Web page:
A growing number of REEF surveyors are participating in the Volunteer Fish Survey Project by freediving. They find that the lack of scuba equipment frees them of many of the hassles of getting in the water, and they are able to have closer encounters with marine life because of the lack of bubbles.

When you submit a REEF survey done by freediving, please mark an Average Depth of 'Snorkel', and a Maximum Depth of whatever your actual max depth was.

We've consulted with some of our freediving surveyors and asked them for tips and helpful hints to share with others who engage in this method of gathering data for the Volunteer Fish Survey Project.

Chuck and Kara Curry have these tips:

  • Always dive with a buddy.  When diving below 20’ or so, we always have one person at the surface acting as a safety buddy while the other person does their dive.This is usually the first point emphasized in a freediving course. 
  • When we survey while freediving we limit our depth based on visibility that day.  Even if we have the ability to dive deeper, our rule is that the person on the surface should always be able to see their buddy for their entire dive.
  • Take a freediving course. Though the dividing line between diving under the surface while snorkeling and freediving is not clearly defined, many training agencies say you’re freediving when you dive below 33’ and/or your dive lasts for more than 30 seconds. As with SCUBA certification, there are some important safety considerations, skills and freedive physiology to learn before you start holding your breath and diving down.
  • Take a float with a dive flag so you’re visible to boats. We use a surfboard leash to trail our float when we’re surveying in shallow water. When we get in deeper water and start alternating dives, the leash gets tucked away and the person on the surface holds the float. The float also serves as a buoyant resting place for a diver returning to the surface. We attach our survey slates to the float (we use dog bones) once we start our deeper dives. We also use the float to attach a water bottle, the water shoes we wear to enter the water, a zinc oxide stick, and a camera (when we take one).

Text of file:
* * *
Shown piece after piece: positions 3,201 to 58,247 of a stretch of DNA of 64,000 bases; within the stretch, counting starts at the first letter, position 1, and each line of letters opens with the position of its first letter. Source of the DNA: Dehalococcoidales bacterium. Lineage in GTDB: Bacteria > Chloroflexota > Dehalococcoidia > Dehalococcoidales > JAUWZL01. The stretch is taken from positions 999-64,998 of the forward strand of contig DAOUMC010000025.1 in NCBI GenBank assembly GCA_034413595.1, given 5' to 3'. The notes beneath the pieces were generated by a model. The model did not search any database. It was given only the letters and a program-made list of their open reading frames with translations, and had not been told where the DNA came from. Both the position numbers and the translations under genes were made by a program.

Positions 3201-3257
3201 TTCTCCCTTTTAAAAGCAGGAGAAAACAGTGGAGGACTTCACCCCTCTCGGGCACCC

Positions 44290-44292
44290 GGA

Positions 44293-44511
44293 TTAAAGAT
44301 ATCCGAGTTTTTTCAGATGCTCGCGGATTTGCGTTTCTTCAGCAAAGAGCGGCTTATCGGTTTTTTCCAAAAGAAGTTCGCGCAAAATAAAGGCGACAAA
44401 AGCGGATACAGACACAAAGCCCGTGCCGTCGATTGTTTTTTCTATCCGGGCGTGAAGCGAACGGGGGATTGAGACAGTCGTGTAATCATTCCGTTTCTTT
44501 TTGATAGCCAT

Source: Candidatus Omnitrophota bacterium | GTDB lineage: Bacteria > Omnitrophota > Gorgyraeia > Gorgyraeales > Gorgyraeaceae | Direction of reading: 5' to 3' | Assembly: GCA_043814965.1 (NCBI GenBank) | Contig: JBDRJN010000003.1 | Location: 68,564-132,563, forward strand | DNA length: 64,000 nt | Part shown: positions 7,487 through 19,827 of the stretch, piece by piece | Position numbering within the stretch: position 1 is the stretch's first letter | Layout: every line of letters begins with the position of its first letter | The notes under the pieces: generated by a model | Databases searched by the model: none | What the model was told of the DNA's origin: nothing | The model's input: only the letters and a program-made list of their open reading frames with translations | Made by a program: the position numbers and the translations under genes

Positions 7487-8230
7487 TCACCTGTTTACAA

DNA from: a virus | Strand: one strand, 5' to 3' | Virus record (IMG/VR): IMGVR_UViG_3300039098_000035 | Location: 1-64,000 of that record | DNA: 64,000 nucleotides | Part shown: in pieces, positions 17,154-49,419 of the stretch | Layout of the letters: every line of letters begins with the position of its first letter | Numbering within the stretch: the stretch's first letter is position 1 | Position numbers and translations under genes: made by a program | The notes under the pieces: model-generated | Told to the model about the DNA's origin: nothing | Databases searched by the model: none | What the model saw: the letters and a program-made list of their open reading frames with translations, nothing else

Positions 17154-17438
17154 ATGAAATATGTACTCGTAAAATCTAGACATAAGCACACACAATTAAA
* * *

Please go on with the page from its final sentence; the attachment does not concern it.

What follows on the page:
• We talk about how we want to cover a site before getting in the water. If we are familiar with the site we usually have a plan for the different habitat types and areas that we want to visit.
  • Typically, we start by snorkel surveying in the shallows and then work our way into deeper water, slowly increasing our depth and breath-hold times as we go. After we’ve reached our depth limit and/or number of deep dives for the session, we work our way back into shallow water, diving and surveying as we go, until we reach the exit.
  • Surveying while freediving can take you quite a distance from shore into deep water. It’s important to keep an eye on the wind, current and waves. Be sure to save plenty of energy to kick back to shore even if conditions deteriorate.
  • While shallow, we both have our slates on a wrist strap. We mark as we go and call out any exciting finds to our buddy. While in deeper water and alternating dives, the returning diver communicates what new species they saw and points out where to look for them before the other diver takes their turn. We mark our slates at the surface float in between dives.
  • Even in deep water, there’s often lots to see from the surface so the surveying never stops!

Matt Dowell, one of our freediving volunteer surveyors in California also adds:

  • One thing, more of a comment than a tip, is that while snorkeling or free diving will limit your access to some species, it will increase access to others. You'll be able to see some of the more skittish-behaviored species, and assess more easily shallow water habitat that is often overlooked by SCUBA divers but is rich in fish species nonetheless.